Cheating at the Last Judgement?

Homily 397 – 36th after Pentecost (Last Judgement)
Holy Transfiguration Orthodox Church, Ames, Iowa
February 23, 2020
Epistle: (140) – 1 Corinthians 8:8-9:2
Gospel: (106) – Matthew 25:31-46

In the Name of the Father, and of the Son, and of the Holy Spirit, One God.

Think back, if you will, to the last test or exam you took.

Regardless of what it was – wouldn’t it have been easier if you had the answer key in front of you?

That’s what Christ gives to us today. The key – the right answers – to the Test, which will be graded at the Last Judgement.

First, and most importantly to me, it will not end up as a conscious action on our part.

The ones who did nothing – the condemned ones – didn’t see Christ, and so they didn’t do anything.

To these, activity was a transaction, designed to obtain favor or benefit. The poor, the homeless, the sick – they can’t offer anything, and so to them, nothing was offered.

When the accusation is made – when Jesus was hungry, or naked, or sick, or in prison, you did nothing. The response is “Well, Jesus, I never saw you naked or sick or in prison, so you can’t hold that against me.”

They are, in effect, trying to get off on a technicality. Was that person Jesus? No! So how can I be accountable for taking care of Jesus when the person I encountered was anything BUT Jesus?

In fact, the opposite of Jesus! They weren’t holy, they weren’t churchgoers, they weren’t even sober most of the time.

They most definitely weren’t Jesus. You aren’t referring to me, Jesus, because I never saw you.

The ones who did something – the sanctified, the saved – didn’t see Christ either.

But they did something.

Didn’t matter who they were assisting. The people, the poor, the sick, the hungry and homeless, were people. Humans. Worthy of respect.

Worthy of seeing the image of God in them.

So why did this second group, this active group, do something when the others did not?

Basically, because they recognized that Christ had done that for them. Christ did that for me.

Undeserving as I was, Christ determined to become human – to become me – and to experience everything I experienced. Including death itself.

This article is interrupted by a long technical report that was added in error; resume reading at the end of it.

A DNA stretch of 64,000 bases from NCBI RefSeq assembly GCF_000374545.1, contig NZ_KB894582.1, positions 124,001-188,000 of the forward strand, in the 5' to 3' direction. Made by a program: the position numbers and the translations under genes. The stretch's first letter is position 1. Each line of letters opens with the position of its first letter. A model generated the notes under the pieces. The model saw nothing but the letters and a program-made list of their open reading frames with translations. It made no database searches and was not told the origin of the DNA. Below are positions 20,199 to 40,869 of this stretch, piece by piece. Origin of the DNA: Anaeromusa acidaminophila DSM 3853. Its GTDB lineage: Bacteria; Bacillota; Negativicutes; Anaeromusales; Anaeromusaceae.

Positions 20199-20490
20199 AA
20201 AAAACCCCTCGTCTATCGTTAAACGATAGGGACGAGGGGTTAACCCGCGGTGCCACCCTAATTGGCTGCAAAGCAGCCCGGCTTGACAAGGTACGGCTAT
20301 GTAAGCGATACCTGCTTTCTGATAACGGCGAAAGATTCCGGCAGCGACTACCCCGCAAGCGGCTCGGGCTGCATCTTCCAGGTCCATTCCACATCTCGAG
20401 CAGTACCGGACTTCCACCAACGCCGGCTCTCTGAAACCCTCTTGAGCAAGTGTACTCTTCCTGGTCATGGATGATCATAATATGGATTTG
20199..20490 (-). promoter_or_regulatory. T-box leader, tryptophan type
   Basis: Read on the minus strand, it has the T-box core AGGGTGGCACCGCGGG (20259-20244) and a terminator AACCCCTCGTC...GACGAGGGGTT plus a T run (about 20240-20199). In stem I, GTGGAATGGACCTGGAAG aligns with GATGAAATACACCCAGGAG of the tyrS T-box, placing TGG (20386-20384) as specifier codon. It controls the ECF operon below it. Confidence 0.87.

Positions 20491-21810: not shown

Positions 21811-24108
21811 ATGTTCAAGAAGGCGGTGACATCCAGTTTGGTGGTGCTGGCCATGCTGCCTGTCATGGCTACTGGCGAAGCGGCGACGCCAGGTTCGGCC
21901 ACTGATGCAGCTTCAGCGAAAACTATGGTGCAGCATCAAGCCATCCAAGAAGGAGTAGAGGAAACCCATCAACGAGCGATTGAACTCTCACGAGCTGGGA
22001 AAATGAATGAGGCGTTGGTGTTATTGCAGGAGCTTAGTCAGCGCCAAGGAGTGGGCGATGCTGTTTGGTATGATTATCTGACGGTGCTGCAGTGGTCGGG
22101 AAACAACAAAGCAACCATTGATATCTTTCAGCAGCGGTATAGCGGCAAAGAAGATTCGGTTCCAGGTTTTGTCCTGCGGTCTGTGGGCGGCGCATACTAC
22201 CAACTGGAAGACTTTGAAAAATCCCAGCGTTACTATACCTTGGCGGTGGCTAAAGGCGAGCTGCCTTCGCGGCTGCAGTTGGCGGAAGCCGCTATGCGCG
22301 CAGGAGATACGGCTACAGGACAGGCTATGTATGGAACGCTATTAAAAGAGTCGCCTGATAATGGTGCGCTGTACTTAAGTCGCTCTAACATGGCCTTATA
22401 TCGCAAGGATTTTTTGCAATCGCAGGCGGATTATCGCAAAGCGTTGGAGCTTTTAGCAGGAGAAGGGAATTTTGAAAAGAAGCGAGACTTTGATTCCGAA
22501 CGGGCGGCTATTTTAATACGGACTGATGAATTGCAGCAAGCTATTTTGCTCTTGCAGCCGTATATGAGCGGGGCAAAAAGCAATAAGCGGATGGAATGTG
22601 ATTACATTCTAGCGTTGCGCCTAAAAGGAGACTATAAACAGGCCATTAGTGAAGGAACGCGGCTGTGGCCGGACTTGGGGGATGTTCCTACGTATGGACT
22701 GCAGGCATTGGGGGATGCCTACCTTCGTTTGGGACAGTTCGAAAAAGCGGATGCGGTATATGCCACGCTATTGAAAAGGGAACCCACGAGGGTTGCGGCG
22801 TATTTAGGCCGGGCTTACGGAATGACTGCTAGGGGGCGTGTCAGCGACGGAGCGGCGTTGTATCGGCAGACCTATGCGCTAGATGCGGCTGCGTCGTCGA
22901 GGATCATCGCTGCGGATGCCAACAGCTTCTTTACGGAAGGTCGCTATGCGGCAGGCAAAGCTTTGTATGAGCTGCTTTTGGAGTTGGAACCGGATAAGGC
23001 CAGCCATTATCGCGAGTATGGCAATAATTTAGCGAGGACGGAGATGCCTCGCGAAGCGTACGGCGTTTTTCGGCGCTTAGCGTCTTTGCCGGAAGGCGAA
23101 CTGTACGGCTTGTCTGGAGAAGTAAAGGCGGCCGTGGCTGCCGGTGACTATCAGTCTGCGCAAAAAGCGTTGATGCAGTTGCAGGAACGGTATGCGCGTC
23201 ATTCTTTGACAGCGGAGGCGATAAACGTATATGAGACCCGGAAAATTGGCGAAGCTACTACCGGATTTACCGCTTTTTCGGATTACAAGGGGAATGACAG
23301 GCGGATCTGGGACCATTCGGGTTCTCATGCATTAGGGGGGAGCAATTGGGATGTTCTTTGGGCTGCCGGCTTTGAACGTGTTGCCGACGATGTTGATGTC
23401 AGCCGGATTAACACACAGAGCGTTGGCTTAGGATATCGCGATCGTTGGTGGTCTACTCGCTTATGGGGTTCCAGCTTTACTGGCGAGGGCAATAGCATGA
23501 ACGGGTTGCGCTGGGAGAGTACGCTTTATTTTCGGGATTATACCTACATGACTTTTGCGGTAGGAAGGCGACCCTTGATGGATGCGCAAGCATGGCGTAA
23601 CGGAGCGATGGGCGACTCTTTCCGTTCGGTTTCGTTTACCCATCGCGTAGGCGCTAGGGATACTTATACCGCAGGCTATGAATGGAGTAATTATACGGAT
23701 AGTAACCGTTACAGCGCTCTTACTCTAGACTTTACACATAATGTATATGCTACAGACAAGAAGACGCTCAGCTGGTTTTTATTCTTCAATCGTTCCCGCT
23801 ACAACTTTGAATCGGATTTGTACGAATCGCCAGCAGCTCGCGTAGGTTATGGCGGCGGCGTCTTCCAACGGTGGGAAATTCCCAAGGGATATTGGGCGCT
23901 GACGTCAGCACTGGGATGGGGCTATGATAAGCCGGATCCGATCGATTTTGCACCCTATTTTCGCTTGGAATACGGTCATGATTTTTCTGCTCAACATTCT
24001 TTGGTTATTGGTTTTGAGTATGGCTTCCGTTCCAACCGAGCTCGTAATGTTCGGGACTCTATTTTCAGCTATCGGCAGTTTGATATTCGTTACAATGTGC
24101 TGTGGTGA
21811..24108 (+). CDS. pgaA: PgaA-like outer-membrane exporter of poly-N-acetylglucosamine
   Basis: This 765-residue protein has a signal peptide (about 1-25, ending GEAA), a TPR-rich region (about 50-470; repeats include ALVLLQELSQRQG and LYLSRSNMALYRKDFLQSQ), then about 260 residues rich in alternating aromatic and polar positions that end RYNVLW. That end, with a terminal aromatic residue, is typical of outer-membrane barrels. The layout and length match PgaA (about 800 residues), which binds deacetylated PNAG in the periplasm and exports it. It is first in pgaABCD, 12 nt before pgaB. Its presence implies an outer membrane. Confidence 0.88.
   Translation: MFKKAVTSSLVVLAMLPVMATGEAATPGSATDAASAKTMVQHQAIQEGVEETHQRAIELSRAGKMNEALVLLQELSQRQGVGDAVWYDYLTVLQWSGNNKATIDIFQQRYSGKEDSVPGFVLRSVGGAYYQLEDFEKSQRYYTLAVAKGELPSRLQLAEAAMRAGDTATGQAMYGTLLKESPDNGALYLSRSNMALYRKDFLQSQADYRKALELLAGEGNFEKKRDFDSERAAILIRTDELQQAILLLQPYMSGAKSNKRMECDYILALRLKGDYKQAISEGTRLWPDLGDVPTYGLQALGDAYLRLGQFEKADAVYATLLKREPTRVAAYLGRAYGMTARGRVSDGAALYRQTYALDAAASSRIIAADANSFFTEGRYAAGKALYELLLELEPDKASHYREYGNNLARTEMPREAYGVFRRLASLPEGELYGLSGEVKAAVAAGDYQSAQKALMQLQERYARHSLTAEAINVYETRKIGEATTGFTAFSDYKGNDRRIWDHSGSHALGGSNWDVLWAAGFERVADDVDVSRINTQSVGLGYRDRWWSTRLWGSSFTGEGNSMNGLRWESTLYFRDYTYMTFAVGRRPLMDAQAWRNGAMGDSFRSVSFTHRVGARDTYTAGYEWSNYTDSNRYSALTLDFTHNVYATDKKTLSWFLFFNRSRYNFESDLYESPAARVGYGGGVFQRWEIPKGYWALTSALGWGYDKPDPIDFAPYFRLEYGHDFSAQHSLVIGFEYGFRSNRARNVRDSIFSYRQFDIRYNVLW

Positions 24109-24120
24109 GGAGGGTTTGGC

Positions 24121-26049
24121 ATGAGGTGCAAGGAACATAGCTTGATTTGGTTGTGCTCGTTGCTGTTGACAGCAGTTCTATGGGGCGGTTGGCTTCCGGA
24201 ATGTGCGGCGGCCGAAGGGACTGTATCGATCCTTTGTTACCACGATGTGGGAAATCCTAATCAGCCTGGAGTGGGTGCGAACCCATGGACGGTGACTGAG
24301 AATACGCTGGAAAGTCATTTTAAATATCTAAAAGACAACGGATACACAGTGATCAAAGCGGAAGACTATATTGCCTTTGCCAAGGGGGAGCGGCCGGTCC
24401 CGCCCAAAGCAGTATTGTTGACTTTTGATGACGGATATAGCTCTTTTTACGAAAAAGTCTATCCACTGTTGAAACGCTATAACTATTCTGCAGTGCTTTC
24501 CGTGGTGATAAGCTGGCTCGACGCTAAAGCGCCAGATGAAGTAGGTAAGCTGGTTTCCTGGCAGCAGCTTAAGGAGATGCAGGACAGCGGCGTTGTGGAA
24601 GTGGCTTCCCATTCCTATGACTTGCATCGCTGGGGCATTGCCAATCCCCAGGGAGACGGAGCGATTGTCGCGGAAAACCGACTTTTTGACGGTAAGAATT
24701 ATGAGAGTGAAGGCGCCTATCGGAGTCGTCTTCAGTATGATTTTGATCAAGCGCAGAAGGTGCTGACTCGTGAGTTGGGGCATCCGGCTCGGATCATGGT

So that in Him, I might experience a new birth, that I might experience life as it was intended to be from the beginning.

But still – helping others isn’t a terribly logical step from Christ helping us. Christ helped me, so I should help others – that doesn’t necessarily make sense.

Because, beloved, the Kingdom doesn’t rely on logic – it rests on Love.

Christ loves us – unworthy as we are – and dwells in us. All of us, to one degree or another.

Some struggle against it, some embrace it, some – me – do both. And through this struggle, we experience the Love and Grace of our Creator.

Seeing that love poured forth on us, and knowing our own depravity, we cannot look at others and say “Well, they deserve worse.” Because we ALL deserve worse.

No, they don’t deserve worse. They still have within them the image of God, the person of Christ. The presence of the Holy Spirit.

That is what we should see when we look at others. We see Christ. We see his mother, our mother.

And by the way, that will be an enormous help to us as well. It is difficult for us to take advantage of a person when we see them as Christ. It is difficult for us to indulge in self-gratifying fantasy when the person in our fantasy is Christ, or his mother.

And in seeing Christ in the other person, we see our Redeemer – our Deliverer – our Creator. In them – in their face.

And it is that person who saved us – because that person is Christ. Our love for our Savior, who loves us unconditionally, pours out to the person we see – because we see Christ. In everyone.

So, the answer key is out there for us to see. And it is possible for us to train ourselves to see Christ in others. Great Lent is sometimes called the school of repentance – because it begins the process of removing our myopic focus on ourselves.

And begins to reorient – that is, repent – back to Christ our Master and Lord. And when our Love is no longer directed inward, toward ourselves, it has to go somewhere.

It goes to others – the people around us, who are all the image, the person, of Christ who saved us.

The key to the last Judgement, my friends, is nothing else but Love itself. We will be evaluated on our love, demonstrated through our care for others, giving to them what we would give to Christ if He were before us physically.

That is the Law and the Prophets. To love God in everything, every little bit of effort we exert – and to see God in everyone we encounter.

Do this – and find the joy of the Kingdom which is in our midst.

In the Name of the Father, and of the Son, and of the Holy Spirit, One God. Glory to Jesus Christ!

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